In today’s IT strategy and architecture, APIs are the new frontier. No matter what industry you are in, doing business
digitally is the way to go and APIs are an essential part of the digital transformation. As an API platform provider,
we have worked with many companies who are building APIs and implementing API management. All of them seems traveling
a similar path as the kind of challenges they are facing are all most the same.
From these cases, we have so far categorized five distinct stages of API adoption. Different people might have different
criteria but the overall course is very similar. We just want to share our experience and hopefully help you lead your
API initiative in the right direction.
Stage 1: API Awareness - Monolith
In the first stage of API adoption, APIs get simply introduced as a lightweight method of application integration.
Often, we see integration needs of mobile applications as the first targets. In a mobile-first approach, APIs are
simply served from existing monolithic application. For example, existing Java EE application exposes RESTful API
through JAX-RS. In other words, APIs at this stage are designed to make life simple for app developers and driven by
developers. It greatly increases the development efficiency and significantly speeds-up the overall process, which in
turn makes product owners happy. And so, the infections quickly spread.
As APIs are purely driven by mobile applications or single page applications at this stage, there is no active architecture
and design but just modify the traditional web application to expose API in order to speed up the UI development. As the
monolithic platform does not have any built-in features to support API, all cross-cutting concerns will be addressed at
the network level with a commercial API gateway.
Stage 2: API Platform Architecture - Modularized Monolith
Once the benefits of APIs are firmly established, you are likely to start thinking about different kind of concerns and
turn to vendors for their API technologies. With more updates to the APIs driven by the business, you start to realize
that simply modifying the existing application cannot keep up to speed as deploying monolithic app is painful and risky.
You have heard about microservices architecture but cannot go that way as the initial infrastructure cost is too high and
building distributed application is too complicated for the team without experience. Naturally, you would want to separate
your APIs to smaller modules and deployed to the same application server with multiple wars or ears in Java EE platform.
This gives you the flexibility to develop and deploy individual module independently to meet the ever-changing business
More and more commercial API management tools might be adopted at this stage as more concerns need to be addressed. For
example, security, rate limiting, policy management, etc. are all need to be considered when more and more APIs are
Stage 3: API Management - Entry Level Microservices
The more successful your APIs, the more users for your APIs and gradually the monolith API cannot scale to handle the
volume anymore. At this stage, you are seriously considering microservices architecture and start to redesign some of the
high load APIs to microservices. These microservices are independently developed, deployed, scaled and only focus on
a single functionality. They might still share the same database between different microservices and existing monolith.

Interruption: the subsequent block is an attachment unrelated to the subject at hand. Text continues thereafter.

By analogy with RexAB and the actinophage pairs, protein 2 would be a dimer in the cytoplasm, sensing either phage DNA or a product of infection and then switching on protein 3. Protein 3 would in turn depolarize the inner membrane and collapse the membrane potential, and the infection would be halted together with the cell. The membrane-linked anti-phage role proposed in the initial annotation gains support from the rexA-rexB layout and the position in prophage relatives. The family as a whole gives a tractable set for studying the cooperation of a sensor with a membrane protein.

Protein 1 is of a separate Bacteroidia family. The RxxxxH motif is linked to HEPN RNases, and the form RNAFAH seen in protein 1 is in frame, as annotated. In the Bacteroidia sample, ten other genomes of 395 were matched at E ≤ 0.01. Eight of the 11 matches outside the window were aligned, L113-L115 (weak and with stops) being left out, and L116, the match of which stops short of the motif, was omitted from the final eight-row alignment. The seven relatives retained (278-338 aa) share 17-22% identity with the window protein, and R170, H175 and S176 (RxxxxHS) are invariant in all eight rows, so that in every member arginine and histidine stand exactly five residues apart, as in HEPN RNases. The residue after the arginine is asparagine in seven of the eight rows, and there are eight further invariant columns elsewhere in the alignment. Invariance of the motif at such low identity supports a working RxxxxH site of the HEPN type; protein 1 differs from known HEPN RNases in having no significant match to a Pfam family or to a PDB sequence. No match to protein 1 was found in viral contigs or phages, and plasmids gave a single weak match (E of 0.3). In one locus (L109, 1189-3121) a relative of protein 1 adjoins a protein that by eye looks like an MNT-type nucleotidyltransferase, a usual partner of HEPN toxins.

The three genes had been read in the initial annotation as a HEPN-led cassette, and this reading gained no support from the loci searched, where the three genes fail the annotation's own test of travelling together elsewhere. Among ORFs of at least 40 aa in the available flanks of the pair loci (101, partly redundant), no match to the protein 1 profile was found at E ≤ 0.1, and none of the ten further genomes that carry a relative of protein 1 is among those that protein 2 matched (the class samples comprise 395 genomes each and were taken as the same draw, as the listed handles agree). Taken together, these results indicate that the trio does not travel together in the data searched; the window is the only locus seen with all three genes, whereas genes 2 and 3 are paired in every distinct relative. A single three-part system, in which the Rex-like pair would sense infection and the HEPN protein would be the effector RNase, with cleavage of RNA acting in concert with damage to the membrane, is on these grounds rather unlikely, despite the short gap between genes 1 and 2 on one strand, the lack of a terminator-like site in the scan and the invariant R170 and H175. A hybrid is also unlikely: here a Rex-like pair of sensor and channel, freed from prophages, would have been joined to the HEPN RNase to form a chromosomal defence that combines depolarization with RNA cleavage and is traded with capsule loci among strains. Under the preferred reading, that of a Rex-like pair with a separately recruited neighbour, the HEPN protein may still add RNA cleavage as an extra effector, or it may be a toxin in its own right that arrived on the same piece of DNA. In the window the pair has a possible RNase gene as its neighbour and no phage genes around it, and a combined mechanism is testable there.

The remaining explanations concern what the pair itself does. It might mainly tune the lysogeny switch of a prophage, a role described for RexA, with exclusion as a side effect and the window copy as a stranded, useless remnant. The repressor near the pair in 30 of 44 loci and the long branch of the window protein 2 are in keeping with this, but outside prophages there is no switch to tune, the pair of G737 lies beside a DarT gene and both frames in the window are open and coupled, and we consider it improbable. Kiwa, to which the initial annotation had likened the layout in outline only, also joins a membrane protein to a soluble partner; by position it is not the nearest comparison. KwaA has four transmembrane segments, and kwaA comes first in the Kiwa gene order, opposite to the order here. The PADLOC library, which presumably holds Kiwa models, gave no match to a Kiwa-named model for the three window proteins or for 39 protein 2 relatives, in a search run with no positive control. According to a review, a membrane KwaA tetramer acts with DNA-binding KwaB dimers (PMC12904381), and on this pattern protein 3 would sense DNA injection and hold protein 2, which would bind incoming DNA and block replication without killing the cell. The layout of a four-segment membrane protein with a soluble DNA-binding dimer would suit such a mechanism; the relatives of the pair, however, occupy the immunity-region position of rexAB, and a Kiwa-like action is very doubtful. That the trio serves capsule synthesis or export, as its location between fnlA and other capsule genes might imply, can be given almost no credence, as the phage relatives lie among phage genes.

From API management perspective, you might start thinking to have centralized logging, auditing, and metrics. You might
consider to dockerize these APIs deploy them into the cloud orchestrated by Kubernetes.
Stage 4: Advanced API Management - Medium Level Microservices
When you have more and more APIs running, you start to realize that API management becomes a daunting task. Shared database
tightly couples several APIs together and hinders developers to make changes. The single database is broken up
and each service has its own database.
API management and infrastructure services become mature and effective. Security, logging, metrics, auditing are all
addressed and most services are running in Kubernetes cluster. You are starting to explore another style of APIs like GraphQL
Stage 5: API First - High-Level Microservices
When there are too many update microservices running within the organization, you soon realized that the synchronous
request/response would not work all the time and your application might be broken due to unreliable network and leave data
inconsistent between services. You start to investigate eventual consistency and start to adopt the event-driven asynchronous
approach to manage communication between services. Event Sourcing and CQRS will be used in certain applications and Saga
pattern will be used to manage distributed transactions between multiple update services. At this stage, service to
service communication mainly done through events and client to service interaction can be RESTful, GraphQL and RPC as
well as message, command or event.
API management is done through a customized portal to for the life cycle of APIs and API marketplace will link the consumers
to providers. The entire API ecosystem is running organically and more and more APIs add to the system. New
application development becomes very easy as most building blocks are available to be reused.
The API era is still fresh and developing rapidly. Consequently, we are far from certain that the fifth stage will be the
final stage. Some people saying that the end stage would be serverless but nobody knows what is going to happen in a
couple of years.
Where are you currently on your API adoption journey? Still in the early stages, or running in the front? Maybe already
beyond the fifth stage? No matter what stage you are in, light platform provide frameworks, infrastructure services, and
toolchains to help you with your API journey.